Low Temps Mean More Business For Some

Phones were ringing so much at Epperson’s Heating, Air, Plumbing and Electric, it was hard for dispatcher Keema Huff to keep up with them.

“Yes, hold, please,” she told one caller while trying to answer another call.

Many woke up to find their homes cold. Their heating systems couldn't handle the cold, or so many of them thought.

“They don't really have a problem, they start getting nervous. I can understand. I get nervous whenever I know they're getting nervous,” says Eugene Epperson of Epperson’s Heating and Air.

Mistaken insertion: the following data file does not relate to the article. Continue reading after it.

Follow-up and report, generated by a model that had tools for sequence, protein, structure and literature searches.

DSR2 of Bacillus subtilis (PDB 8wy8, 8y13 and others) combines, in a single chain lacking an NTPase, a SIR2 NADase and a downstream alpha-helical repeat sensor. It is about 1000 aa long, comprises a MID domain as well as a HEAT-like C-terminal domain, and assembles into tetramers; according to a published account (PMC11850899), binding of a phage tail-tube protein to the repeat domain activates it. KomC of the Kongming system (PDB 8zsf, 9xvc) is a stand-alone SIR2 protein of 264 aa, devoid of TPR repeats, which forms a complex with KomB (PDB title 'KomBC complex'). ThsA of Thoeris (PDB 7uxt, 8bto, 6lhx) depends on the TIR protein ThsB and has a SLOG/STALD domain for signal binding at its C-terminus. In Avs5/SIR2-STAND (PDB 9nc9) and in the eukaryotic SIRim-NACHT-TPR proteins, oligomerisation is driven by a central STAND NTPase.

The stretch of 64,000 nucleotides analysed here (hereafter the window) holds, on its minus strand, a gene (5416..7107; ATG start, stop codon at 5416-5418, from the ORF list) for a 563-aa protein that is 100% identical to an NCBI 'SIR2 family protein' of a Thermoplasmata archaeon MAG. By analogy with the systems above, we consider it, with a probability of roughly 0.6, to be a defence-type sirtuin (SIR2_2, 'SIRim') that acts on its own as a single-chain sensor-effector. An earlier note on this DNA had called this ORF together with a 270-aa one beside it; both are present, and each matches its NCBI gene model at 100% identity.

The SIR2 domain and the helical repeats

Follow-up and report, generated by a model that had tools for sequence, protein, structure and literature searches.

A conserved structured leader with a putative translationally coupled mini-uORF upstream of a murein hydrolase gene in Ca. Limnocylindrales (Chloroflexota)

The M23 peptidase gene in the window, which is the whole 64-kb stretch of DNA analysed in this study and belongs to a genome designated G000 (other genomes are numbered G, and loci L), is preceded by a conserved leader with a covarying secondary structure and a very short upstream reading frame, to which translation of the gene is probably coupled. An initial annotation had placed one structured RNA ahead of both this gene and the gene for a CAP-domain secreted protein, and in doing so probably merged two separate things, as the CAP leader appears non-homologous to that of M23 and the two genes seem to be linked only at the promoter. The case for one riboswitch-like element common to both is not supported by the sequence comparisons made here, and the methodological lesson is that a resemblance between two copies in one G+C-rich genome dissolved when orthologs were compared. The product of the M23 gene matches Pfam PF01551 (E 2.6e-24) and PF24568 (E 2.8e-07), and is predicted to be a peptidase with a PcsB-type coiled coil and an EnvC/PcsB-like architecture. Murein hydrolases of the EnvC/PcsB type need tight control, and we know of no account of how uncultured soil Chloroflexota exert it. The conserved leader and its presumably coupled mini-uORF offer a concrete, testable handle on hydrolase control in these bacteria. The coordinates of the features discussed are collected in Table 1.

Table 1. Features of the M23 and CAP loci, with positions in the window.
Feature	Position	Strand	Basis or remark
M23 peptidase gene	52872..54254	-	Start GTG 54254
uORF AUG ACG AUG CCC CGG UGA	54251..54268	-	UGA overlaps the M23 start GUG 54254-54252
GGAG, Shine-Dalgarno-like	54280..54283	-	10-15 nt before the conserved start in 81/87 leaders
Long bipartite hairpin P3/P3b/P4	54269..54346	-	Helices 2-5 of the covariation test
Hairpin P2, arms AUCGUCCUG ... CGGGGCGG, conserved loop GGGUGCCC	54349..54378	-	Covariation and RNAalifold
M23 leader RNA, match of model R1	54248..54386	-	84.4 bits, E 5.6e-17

He’s been in the heating and air conditioning service for more than 34 years. He's seen problems of every sort.

Monday however, is the kind of day Epperson experiences at least once a year when everything from motors stop running to heating oil, jells up.

Across town, Thiral Davis of Davis Heating and Air received a call of a thermostat that wouldn’t go higher than 66 degrees. He headed into the basement and found a switch in the furnace failed.

“When the temps drop in the single digits, and stay down in the teens, the problems show up,’ says Davis.

Heating and air specialists say one of the easiest things you can do to avoid problems is by doing something as easy as making sure your filter is clean.

“There are more problems filters not being changed than anything else. Especially heat pump systems,” says Epperson.

Many people adjust their thermostats up or down when the outside temperatures do the same. But these people say the best thing you can do is just leave it alone.